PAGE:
To evaluate which factor(s) might predict excellent Snellen visual acuity results in unilateral nontraumatic pediatric aphakes.
Retrospective review of all unilateral pediatric aphakic patients seen in a specialty contact lens clinic between 1982 and 2009. Inclusion criteria as follows: (1) cataract extraction before age 6 weeks, (2) no other health complications, (3) contact lens fitting within 3 weeks postsurgery, and (4) measurable subjective visual performance on a clinical Snellen acuity chart. Fifteen patients were identified: 10 patients with persistent fetal vasculature syndrome (PFV) and 5 patients with the diagnosis of idiopathic congenital cataract (ICC).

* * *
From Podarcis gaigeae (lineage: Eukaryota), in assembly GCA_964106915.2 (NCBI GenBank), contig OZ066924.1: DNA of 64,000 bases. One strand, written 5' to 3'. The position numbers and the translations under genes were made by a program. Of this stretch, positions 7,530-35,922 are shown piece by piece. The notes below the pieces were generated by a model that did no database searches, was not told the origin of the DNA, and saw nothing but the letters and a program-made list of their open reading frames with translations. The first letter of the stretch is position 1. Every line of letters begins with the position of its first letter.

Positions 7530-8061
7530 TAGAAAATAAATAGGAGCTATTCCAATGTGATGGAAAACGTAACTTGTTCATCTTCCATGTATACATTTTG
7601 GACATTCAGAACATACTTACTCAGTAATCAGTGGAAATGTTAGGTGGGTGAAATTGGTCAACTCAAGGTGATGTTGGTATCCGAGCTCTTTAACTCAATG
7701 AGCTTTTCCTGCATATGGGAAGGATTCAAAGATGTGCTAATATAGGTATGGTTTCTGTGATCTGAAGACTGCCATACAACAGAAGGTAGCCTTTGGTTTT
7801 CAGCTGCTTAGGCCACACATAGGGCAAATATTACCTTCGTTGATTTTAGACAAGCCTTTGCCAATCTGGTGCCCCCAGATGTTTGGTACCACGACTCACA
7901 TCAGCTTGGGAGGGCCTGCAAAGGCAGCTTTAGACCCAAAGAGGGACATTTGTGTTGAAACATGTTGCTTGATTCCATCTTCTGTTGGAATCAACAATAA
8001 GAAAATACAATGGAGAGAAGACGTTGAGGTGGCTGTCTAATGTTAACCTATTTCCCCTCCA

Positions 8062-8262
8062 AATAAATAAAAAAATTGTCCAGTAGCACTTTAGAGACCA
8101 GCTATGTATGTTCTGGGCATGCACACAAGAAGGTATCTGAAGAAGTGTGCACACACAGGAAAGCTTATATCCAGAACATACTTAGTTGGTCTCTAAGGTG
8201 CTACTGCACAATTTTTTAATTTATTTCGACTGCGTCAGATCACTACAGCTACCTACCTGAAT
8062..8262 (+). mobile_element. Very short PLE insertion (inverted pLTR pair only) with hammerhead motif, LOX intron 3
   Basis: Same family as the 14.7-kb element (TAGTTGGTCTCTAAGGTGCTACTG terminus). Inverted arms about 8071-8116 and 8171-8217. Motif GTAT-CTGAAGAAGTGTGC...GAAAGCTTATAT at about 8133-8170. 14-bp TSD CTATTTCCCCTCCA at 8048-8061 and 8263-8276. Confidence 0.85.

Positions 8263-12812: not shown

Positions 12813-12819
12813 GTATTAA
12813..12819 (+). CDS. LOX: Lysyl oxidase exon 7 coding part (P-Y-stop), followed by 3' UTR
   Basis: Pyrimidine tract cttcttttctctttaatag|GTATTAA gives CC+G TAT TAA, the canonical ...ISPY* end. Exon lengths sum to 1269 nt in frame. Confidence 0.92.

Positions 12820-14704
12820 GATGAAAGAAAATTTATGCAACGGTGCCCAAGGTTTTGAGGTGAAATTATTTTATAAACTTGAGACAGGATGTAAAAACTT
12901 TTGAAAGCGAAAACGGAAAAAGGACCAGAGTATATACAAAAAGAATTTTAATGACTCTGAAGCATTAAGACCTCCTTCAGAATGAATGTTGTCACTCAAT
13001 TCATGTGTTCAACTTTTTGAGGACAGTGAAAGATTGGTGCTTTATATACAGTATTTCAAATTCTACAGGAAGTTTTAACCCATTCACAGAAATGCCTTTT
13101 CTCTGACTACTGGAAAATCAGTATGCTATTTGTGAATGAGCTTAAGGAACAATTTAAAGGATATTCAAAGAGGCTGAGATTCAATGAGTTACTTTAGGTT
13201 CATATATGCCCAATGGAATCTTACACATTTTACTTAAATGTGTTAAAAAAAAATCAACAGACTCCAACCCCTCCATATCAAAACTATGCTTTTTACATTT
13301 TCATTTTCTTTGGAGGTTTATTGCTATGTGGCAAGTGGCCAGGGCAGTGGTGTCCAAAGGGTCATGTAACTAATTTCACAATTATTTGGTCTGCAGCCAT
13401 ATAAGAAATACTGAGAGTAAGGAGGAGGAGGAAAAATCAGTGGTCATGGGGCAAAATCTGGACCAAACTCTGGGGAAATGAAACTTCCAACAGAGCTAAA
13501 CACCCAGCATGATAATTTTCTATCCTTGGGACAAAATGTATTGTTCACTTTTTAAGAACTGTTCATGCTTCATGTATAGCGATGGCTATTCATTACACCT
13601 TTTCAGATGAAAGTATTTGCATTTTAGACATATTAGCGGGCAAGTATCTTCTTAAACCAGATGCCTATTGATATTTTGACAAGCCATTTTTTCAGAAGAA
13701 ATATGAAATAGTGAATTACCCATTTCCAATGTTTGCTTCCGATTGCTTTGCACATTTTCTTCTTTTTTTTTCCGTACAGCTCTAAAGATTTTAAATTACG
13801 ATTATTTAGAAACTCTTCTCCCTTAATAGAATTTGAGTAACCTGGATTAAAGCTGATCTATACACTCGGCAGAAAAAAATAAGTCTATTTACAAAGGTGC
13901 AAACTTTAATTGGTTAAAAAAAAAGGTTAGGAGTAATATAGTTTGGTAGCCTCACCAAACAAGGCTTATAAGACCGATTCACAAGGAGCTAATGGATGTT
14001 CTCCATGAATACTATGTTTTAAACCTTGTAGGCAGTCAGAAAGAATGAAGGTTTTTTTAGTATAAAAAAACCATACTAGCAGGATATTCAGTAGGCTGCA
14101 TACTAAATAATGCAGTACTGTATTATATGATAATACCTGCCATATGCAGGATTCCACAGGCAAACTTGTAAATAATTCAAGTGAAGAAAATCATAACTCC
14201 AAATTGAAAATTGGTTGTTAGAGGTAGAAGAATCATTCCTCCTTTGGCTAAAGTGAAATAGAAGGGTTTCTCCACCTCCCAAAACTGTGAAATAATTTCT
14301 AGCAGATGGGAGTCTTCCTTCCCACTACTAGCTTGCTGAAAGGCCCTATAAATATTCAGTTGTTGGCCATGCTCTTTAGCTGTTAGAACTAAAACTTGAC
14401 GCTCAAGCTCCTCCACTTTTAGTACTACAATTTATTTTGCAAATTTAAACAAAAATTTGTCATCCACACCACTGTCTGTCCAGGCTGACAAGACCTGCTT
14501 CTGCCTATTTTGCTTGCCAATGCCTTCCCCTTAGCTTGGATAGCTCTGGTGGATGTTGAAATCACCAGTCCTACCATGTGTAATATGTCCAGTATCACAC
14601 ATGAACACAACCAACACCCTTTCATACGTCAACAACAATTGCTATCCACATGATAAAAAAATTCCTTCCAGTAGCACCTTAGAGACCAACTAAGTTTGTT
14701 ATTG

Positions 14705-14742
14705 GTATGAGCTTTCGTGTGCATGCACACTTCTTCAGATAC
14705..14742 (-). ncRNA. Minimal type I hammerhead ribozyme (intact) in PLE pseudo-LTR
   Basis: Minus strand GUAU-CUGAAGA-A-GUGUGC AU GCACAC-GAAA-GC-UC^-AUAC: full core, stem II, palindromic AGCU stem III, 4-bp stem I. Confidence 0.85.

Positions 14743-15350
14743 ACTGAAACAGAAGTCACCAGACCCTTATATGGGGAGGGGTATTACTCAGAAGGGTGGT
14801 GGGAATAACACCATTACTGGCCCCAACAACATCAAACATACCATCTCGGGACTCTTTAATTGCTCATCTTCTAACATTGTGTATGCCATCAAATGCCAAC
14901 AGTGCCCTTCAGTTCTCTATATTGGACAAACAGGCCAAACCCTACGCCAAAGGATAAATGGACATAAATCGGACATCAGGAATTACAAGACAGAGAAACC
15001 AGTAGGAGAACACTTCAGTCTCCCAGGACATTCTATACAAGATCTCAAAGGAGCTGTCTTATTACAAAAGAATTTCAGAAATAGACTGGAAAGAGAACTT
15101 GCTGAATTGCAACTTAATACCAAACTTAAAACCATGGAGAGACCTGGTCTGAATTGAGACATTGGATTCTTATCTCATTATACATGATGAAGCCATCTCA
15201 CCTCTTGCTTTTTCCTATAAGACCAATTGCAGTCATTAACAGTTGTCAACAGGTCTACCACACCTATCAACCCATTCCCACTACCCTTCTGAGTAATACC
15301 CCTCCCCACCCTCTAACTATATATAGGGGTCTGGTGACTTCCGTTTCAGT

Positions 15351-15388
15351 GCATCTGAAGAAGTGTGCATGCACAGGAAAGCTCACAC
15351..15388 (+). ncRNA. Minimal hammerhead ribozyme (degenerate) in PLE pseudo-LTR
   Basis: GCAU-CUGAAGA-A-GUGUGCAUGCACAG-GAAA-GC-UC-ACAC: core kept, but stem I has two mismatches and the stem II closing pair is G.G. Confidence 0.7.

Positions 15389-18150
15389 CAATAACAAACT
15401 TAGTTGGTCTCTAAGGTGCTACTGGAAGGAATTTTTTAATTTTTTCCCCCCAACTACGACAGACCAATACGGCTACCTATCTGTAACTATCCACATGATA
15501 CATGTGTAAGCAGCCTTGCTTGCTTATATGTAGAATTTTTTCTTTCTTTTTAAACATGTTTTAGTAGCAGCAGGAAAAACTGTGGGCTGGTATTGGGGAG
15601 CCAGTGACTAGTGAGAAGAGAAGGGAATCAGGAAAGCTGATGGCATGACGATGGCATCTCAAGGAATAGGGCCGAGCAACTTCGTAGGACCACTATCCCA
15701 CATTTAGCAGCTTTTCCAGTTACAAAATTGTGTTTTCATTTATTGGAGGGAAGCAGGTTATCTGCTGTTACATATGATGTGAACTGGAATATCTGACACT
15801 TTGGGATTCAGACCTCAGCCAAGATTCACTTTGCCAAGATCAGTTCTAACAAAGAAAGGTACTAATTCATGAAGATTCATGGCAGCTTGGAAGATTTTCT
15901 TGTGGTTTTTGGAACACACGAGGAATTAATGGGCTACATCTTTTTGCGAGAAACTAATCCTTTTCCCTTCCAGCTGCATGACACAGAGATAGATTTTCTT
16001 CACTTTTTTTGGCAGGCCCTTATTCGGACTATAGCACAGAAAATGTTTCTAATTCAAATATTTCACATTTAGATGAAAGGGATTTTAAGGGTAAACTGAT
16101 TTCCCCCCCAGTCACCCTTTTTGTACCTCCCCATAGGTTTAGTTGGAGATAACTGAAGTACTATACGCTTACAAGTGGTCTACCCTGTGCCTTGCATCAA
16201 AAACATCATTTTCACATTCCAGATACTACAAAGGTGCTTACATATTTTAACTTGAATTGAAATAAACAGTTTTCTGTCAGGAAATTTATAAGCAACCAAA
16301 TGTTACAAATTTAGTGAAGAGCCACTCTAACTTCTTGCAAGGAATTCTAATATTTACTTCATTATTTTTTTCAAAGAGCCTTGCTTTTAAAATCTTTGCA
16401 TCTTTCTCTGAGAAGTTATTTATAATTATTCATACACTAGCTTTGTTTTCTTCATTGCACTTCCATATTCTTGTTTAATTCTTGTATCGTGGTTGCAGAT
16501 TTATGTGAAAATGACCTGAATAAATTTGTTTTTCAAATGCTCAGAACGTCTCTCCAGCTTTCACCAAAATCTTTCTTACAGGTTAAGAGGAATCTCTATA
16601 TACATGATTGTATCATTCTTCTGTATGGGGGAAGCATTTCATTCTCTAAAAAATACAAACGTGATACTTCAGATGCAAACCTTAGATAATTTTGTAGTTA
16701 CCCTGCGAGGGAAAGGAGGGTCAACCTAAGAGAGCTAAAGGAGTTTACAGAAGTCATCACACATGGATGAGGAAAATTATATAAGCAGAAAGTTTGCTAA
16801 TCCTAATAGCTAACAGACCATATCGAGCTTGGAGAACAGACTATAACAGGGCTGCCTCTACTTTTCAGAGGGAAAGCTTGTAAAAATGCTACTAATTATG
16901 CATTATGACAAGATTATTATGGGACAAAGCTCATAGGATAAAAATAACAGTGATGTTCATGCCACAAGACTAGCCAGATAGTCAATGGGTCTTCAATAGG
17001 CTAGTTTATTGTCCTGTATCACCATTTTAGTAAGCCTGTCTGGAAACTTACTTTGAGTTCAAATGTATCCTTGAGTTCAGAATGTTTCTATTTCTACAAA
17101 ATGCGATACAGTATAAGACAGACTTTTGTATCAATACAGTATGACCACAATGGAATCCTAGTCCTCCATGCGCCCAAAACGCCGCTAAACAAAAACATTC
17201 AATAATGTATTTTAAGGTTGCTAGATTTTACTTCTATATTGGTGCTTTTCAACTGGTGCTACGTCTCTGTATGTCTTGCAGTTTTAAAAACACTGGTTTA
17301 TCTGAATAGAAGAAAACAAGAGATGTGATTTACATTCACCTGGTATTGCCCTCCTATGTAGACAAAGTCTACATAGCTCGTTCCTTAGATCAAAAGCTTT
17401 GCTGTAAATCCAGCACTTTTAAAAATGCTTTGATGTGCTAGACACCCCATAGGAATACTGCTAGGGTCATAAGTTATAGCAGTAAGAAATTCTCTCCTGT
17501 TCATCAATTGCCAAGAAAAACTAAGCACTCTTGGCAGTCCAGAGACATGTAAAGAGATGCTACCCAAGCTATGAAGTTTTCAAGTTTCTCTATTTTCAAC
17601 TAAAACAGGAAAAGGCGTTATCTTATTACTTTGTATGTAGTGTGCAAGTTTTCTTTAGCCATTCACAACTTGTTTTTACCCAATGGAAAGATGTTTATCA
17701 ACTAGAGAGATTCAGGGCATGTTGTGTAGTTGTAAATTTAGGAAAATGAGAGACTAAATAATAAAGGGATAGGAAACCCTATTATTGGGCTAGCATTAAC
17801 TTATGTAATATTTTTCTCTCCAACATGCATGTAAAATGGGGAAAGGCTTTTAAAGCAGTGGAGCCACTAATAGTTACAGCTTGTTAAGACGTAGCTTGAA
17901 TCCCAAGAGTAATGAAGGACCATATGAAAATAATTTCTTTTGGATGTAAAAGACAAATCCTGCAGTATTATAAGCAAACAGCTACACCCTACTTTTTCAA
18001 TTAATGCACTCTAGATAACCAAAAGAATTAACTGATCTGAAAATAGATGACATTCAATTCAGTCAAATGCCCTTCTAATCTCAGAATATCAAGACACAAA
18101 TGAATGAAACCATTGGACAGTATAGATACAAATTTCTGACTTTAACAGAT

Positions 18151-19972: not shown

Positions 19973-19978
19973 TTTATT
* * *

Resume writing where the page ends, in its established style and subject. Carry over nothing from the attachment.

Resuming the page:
Final Snellen acuity results showed seven patients (46.67%) developed excellent Snellen visual acuities (defined as 20/50 or better), four patients (26.67%) developed moderate Snellen visual acuities (20/125 to 20/60), and four total patients (26.67%) developed poor Snellen visual acuities (worse than 20/200). Analysis used descriptive statistics.
Approximately 50% of our unilateral nontraumatic pediatric aphakic patients aged older than 5 years achieved excellent Snellen visual acuity in the aphakic eye. The amount of surgical or ocular complications seems to have an inverse relationship with Snellen visual acuity in PFV. Patching compliance, without implying cause-effect direction, also had a direct relationship with final Snellen visual acuity for patients. Early cataract extraction, good to moderate patching compliance, and aggressive early contact lens management can lead to moderate to excellent Snellen visual results in several unilateral pediatric aphakic patients.